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First published in Enter-comm 5 (1982) and reprinted in Only Trek #2 (1985)

Kirk sighed in exasperation. “Lt. Uhura, notify the personnel that all shore leave is cancelled.” He paused. “Better give the crewpersons on the planet thirty minutes to pull themselves back together before they report for beam up. But only thirty minutes. Understood?”

Uhura regarded him balefully. “Aye, sir.”

As expected, McCoy appeared on the bridge in a scant three minutes, feathers flapping. “Jim, what the hell? You know good and damn well that this crew needs a rest! They’ve been pushing to the limit for—”

Kirk held up his hand to halt the flow. “Bones, please. I don’t like this any more than you do, believe me. But Komack—“

“Komack!” McCoy interjected in disgust.

“—informed me that we have to pick up Ambassador Melkk from Starbase 9 and deliver him to Alta IV. I wasn’t given a whole lot of choice in the matter.”

“Is this some big emergency or just some political bull crap?”

“Officially, yes. Unofficially, bull. A disagreement on extradition rights for a kornite smuggler. According to Komack it is vital to settle the problem as soon as possible.”

“But that’s safe space the whole way,” McCoy protested. “No dangers in that sector. Why can’t the Ambassador take an ordinary transport?”

“Not as much prestige as a starship,” Kirk replied through clenched teeth. He was irritated, too. This was the first opportunity they’d had for shore leave in months. The crew was tense and moody—and so was he, for that matter. “Komack is obviously trying to impress the Ambassador and the Counsel.”

“Jim, I’m telling you if the crew doesn’t get a chance to relax soon, you’re going to have some real problems.”

“I know, Bones, but this should be a milk run. Like you said, it’s safe space.”

“They’ll still be on duty,” McCoy insisted. “What they need is to get away from that for a while. Even routine duty on a starship generates a degree of stress.” He looked at Kirk’s drawn face. “And not only for the crew.”

For once Spock reinforced the Doctor’s opinion. “The efficiency rating has plummeted, Captain. It is down to eighty-seven percent.”

Kirk stared them both down sternly. “Comments noted and logged, Gentlemen.” He sighed. “Listen, don’t you think I know we all need a rest? But there always seems to be something else to do. I can’t help that.” He took a deep breath and let it out slowly. “All right. As soon as we’re finished with this, I’ll demand a two-week layover at a starbase for repairs. I’ll have Scotty make something up if necessary. This planet wasn’t such great shakes for shore leave anyway.”

“It was better than nothing,” McCoy grumbled. “And now we get nothing.”


Lt. Kevin Riley moved through the shabby bazaar, trying to ignore his depression. Having his leave cut short wasn’t what was bothering him. He hadn’t been having such a terrific a time in any case. As usual, his luck wasn’t running well at all. He figured he was the unluckiest Irishman since the potato famine. Yeoman Tanza had snubbed him for the fourteenth time, and he wasn’t doing much better with the local women. The luck of the Irish obviously didn’t extend several hundred light years from the Blarney Stone.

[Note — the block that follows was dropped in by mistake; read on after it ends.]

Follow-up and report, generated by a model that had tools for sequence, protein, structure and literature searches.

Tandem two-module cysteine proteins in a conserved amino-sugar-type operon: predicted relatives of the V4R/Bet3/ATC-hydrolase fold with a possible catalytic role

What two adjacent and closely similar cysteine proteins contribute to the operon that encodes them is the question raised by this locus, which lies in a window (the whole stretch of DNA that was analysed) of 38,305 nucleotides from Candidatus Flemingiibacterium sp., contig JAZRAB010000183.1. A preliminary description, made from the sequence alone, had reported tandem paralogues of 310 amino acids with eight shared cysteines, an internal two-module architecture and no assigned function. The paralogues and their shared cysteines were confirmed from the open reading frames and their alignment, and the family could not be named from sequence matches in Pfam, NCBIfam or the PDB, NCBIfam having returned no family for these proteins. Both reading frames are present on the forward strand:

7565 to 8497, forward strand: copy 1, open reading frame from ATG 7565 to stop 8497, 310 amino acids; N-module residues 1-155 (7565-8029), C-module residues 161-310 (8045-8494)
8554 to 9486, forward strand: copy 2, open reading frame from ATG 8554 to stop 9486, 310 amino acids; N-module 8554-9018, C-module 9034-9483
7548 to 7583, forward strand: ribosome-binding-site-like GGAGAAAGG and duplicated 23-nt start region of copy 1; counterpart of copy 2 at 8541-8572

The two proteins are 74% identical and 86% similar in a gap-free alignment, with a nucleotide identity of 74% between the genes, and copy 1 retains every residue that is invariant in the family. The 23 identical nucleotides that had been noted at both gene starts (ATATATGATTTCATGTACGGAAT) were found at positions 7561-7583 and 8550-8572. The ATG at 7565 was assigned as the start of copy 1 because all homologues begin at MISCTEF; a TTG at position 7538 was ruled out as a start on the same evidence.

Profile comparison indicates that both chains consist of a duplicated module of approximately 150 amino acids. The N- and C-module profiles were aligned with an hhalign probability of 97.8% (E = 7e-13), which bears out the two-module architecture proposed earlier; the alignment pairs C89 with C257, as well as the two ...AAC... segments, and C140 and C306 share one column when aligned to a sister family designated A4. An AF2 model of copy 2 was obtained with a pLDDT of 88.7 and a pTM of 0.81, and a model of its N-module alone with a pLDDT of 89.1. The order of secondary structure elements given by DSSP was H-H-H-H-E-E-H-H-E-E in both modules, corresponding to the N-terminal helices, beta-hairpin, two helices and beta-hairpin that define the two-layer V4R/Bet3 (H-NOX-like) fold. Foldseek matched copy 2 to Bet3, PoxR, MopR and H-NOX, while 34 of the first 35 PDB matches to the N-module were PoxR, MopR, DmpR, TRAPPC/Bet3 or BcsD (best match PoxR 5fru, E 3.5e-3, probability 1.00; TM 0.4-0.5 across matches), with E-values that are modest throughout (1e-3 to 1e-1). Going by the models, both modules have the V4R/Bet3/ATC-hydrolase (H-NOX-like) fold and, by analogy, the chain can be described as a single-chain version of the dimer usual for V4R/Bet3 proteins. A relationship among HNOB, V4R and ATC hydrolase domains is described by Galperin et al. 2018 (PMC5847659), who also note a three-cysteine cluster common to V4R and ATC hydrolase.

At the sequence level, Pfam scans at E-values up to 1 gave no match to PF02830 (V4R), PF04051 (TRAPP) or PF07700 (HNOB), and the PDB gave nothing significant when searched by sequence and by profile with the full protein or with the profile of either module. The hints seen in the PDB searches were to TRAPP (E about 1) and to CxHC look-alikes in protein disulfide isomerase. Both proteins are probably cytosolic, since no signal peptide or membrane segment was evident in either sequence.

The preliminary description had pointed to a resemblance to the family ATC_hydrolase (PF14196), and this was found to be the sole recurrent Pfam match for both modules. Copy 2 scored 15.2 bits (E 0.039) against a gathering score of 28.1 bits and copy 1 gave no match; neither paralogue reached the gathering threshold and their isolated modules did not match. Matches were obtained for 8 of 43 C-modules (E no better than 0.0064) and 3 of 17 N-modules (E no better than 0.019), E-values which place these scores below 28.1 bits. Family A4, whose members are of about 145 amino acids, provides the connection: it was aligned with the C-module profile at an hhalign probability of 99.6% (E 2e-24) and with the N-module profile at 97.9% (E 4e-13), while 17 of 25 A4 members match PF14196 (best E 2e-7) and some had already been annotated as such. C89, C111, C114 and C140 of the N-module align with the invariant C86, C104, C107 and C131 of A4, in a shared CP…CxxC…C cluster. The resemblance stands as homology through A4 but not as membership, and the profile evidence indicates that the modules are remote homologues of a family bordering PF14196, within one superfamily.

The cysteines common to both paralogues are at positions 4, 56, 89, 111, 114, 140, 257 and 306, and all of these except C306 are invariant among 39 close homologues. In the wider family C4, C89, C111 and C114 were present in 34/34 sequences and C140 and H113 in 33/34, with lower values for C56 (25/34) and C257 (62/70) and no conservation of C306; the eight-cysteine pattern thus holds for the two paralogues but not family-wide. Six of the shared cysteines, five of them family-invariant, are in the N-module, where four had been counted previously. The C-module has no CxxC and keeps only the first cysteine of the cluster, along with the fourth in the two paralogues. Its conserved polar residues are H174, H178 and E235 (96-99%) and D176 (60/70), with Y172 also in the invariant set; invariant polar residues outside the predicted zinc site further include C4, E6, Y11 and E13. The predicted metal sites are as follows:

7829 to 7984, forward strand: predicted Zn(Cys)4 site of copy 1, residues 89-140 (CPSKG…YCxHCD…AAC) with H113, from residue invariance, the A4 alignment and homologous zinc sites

As Kirk had pointed out, this world would never win any awards for an exciting leave planet. It was drab and boring, the weather grey and chill, and in spite of the fact it was on the edge of a dozen exotic trade routes, travellers came and left as quickly as possible. Aliens from a hundred different cultures rubbed elbows, but the necessary spark of excitement...or depravity...didn’t seem to exist. Perhaps it was the thick cloud cover of the planet that gave everything a greyish, dim cast, or the muddy, untidy streets, or even the unexplainable touch of gloom in the air that gave the entire city an aura of depression. In any case, few of the Enterprise crew were reluctant to be called back—although the idea of returning to duty wasn’t much more cheering.

The bazaar was the usual tourist trap; dealers hawking their wares too loudly, the smell of over-cooked food hanging in the air, a few off-key musicians trying and failing to lighten the scene. Riley ignored it all as he trudged back to the beam up point.

Suddenly a low-pitched hiss caught his attention. He turned to the left. A tiny booth, set back in the shadows, seemed to draw him toward it.

Another hiss from the shadows, a sibilant voice, “Ssspaceman...want to buy sssome sssunshine?”

Kevin paused, checking his chronometer. Twenty minutes. Plenty of time yet. After all, he didn’t want to appear too eager to get back on board—it would ruin his carefully cultivated reputation as a hell-raiser on shore leave.

“Missster,” the voice hissed again, “I’ve got sssome sssunshine here. Don’t you want sssome ssssunshine, ssspacer? Happy sssunshine from home.”

Intrigued, Kevin moved closer. “What do you mean…sunshine?”

There was a thick chuckle and a leathery face peered from the darkness of the booth. “Just that, boyo. Sunshine, pure an’ true. Sure an’ begorra, ye could use a foine dash o’ sun ta warm ye bones.”

Riley blinked, startled by the sudden change to Irish brogue. He leaned against the counter to get a closer look. The four-foot lizard-like being who sat on the stool may have been green, but he definitely wasn’t Irish. The wide snout split into a toothy grin. “What about it, boyo? Longin’ ta see the glint o’ sun o’er the bog? A bit o’ green meadows of the Emerald Isle?”